The Christian (1911 film)

The Christian is a 1911 Australian silent film starring Roy Redgrave and Eugenie Duggan. It was the first film directed by Franklyn Barrett. The film was based on Hall Caine's play adapted from his novel The Christian which was published in 1897 and the first British novel to sell one million copies. It is considered a lost film.

The Christian
Directed byFranklyn Barrett
Roy Redgrave
Based onThe Christian
by Hall Caine
StarringRoy Redgrave
Eugenie Duggan
Production
company
Release date
2 December 1911[1]
Running time
3,500 feet[2]
CountryAustralia
LanguageSilent film
English intertitles

PlotEdit

Clergyman John Storm is doing mission work in the slums of London when he meets Glory, a girl from the country, who has been persuaded by Lord Robert Ure to seek a career on the stage. Storm tries to persuade Glory not to do it but she refuses. He then asks Lord Ure, which so infuriates him he sends someone to burn down Storm's mission hall. Storm is unconscious inside but he is rescued at the last minute. He goes to see Glory, determined to save her soul, by killing her if need be. But he comes to his senses and the two of them are married.[3]

CastEdit

  • Roy Redgrave as John Storm
  • Rutland Beckett as Lord Robert Ure
  • Eugenie Duggan as Glory Quayle
  • Olive Wilton as Polly Love
  • Marie D'Alton as Lady Robert Ure
  • Lily Bryer as Mrs James Callender
  • Alfred Harford as Lord Storm
  • Edmund Duggan as Father Enderby
  • Fred Kehoe as Parson Quayle
  • Bert Bailey as Archdeacon Wealthy
  • George Kensington as Brother Paul
  • Max Clifton as Horatio Drake
  • Gus Franks as Mr Jupe
  • Mabs Howth as Liza

ProductionEdit

The film is based on a popular play that had been recently been produced in Sydney by William Anderson in September 1911.[4] Roy Redgrave had played the role of John Storm in England for two years prior to coming to Australia.[5]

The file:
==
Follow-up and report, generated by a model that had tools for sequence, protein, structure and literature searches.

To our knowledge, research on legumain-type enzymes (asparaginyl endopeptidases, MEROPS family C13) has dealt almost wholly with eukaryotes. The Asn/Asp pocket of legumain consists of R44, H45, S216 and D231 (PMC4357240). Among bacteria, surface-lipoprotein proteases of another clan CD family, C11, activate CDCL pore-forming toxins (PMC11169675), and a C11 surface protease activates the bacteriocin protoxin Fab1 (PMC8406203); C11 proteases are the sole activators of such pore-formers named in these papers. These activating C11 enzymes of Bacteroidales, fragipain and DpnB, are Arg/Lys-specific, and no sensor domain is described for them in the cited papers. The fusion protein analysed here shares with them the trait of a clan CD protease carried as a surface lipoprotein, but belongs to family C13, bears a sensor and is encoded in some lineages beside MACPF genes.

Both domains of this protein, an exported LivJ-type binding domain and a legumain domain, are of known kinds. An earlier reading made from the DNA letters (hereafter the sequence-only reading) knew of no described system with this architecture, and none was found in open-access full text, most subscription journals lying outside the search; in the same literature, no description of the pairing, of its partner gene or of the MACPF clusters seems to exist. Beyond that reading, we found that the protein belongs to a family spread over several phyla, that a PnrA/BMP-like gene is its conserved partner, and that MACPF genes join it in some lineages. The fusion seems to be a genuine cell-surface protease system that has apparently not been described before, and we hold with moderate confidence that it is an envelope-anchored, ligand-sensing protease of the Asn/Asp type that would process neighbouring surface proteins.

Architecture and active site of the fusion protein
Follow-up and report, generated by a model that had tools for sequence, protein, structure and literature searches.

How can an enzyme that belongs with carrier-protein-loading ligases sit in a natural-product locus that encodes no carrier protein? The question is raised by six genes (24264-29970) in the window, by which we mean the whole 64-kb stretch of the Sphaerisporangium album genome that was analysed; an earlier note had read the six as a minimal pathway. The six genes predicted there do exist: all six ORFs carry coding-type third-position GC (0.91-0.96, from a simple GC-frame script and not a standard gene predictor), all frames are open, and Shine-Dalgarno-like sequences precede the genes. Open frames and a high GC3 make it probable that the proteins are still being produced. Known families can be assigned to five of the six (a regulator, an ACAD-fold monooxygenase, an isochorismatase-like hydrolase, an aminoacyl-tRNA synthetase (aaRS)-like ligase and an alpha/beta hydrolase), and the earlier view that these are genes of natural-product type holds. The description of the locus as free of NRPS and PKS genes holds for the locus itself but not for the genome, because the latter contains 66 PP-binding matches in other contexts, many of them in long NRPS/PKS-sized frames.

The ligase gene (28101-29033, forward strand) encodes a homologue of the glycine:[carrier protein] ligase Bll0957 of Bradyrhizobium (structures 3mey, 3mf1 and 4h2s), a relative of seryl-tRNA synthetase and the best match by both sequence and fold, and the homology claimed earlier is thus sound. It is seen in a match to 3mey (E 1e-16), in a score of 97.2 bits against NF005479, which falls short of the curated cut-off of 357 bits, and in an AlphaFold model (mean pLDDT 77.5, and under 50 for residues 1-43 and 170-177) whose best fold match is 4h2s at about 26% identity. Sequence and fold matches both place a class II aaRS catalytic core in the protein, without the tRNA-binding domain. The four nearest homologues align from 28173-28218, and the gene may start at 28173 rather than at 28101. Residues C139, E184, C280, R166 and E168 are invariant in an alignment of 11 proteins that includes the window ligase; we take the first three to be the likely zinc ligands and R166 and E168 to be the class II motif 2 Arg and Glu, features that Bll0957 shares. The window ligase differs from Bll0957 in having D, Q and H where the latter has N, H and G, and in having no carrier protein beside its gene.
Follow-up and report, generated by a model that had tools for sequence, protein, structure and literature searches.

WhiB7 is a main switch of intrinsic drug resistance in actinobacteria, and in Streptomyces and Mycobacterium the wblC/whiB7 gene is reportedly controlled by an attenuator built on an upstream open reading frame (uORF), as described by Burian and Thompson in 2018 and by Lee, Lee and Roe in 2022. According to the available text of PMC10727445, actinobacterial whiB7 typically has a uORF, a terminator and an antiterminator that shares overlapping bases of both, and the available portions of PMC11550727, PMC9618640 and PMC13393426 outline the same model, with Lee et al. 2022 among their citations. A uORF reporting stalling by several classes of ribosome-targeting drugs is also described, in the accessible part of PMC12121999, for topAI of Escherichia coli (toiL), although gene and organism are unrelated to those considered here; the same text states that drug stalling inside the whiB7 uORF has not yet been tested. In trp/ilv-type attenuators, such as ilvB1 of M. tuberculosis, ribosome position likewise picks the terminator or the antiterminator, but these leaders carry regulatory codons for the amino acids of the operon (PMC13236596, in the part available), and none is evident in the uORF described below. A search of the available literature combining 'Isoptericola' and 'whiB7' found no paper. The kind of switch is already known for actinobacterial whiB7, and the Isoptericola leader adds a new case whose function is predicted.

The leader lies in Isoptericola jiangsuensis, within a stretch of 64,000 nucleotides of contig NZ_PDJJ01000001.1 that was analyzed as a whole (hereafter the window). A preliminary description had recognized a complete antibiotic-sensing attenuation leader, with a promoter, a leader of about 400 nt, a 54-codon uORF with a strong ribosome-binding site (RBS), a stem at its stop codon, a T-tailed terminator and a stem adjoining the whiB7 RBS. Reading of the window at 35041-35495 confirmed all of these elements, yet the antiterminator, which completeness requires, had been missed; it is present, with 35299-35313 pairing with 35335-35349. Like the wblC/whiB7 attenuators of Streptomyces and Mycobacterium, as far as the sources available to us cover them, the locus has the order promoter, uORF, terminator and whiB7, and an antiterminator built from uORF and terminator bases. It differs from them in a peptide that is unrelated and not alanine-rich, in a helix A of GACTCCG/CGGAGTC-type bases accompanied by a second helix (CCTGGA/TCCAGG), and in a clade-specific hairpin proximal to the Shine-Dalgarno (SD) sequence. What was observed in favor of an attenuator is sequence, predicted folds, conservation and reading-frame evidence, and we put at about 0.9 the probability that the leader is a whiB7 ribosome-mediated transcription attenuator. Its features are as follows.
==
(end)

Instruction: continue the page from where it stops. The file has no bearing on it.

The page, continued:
Indoor scenes were shot at Wonderland in Bondi, which was owned by Anderson.[6]

Shooting also appears to have taken place at West's studios, which were on top of their headquarters in Pitt Street, Sydney.[7]

Roy Redgrave later claimed that he produced the picture:

I had a very strenuous time producing this picture, as I had also to play John Storm, the while I was telling the members who were acting in the scenes what to do. All the time I was doing this I thought that when The Christian was thrown upon the white screen John Storm would be mistaken for a ventriloquist. It turned out to the satisfaction of all concerned.[8]

Redgrave would revive the role on stage throughout the rest of his career.

Later VersionsEdit

There were other film versions of the play in 1914 (from Hollywood), 1915 (from England) and 1923 (from Hollywood).

ReferencesEdit

  1. ^ "THE GLACIARIUM". The Sydney Morning Herald. National Library of Australia. 25 November 1911. p. 19. Retrieved 9 April 2012.
  2. ^ "WEST'S PICTURES". Williamstown Chronicle. Vic.: National Library of Australia. 16 December 1911. p. 2. Retrieved 9 April 2012.
  3. ^ Andrew Pike and Ross Cooper, Australian Film 1900–1977: A Guide to Feature Film Production, Melbourne: Oxford University Press, 1998, p28
  4. ^ "PALACE THEATRE". The Sydney Morning Herald. National Library of Australia. 4 September 1911. p. 4. Retrieved 9 April 2012.
  5. ^ "MUSIC AND DRAMA". The Sydney Morning Herald. National Library of Australia. 3 December 1910. p. 4. Retrieved 9 April 2012.
  6. ^ "Advertising". The Advertiser. Adelaide: National Library of Australia. 4 December 1911. p. 2. Retrieved 9 April 2012.
  7. ^ "Theatrical Gossip". The Newsletter: an Australian Paper for Australian People. Sydney: National Library of Australia. 26 August 1911. p. 3. Retrieved 10 December 2014.
  8. ^ "MOTION PICTURE JOYS". The Mail. Adelaide: National Library of Australia. 28 December 1912. p. 6 Section: SECOND SECTION. Retrieved 9 April 2012.

External linksEdit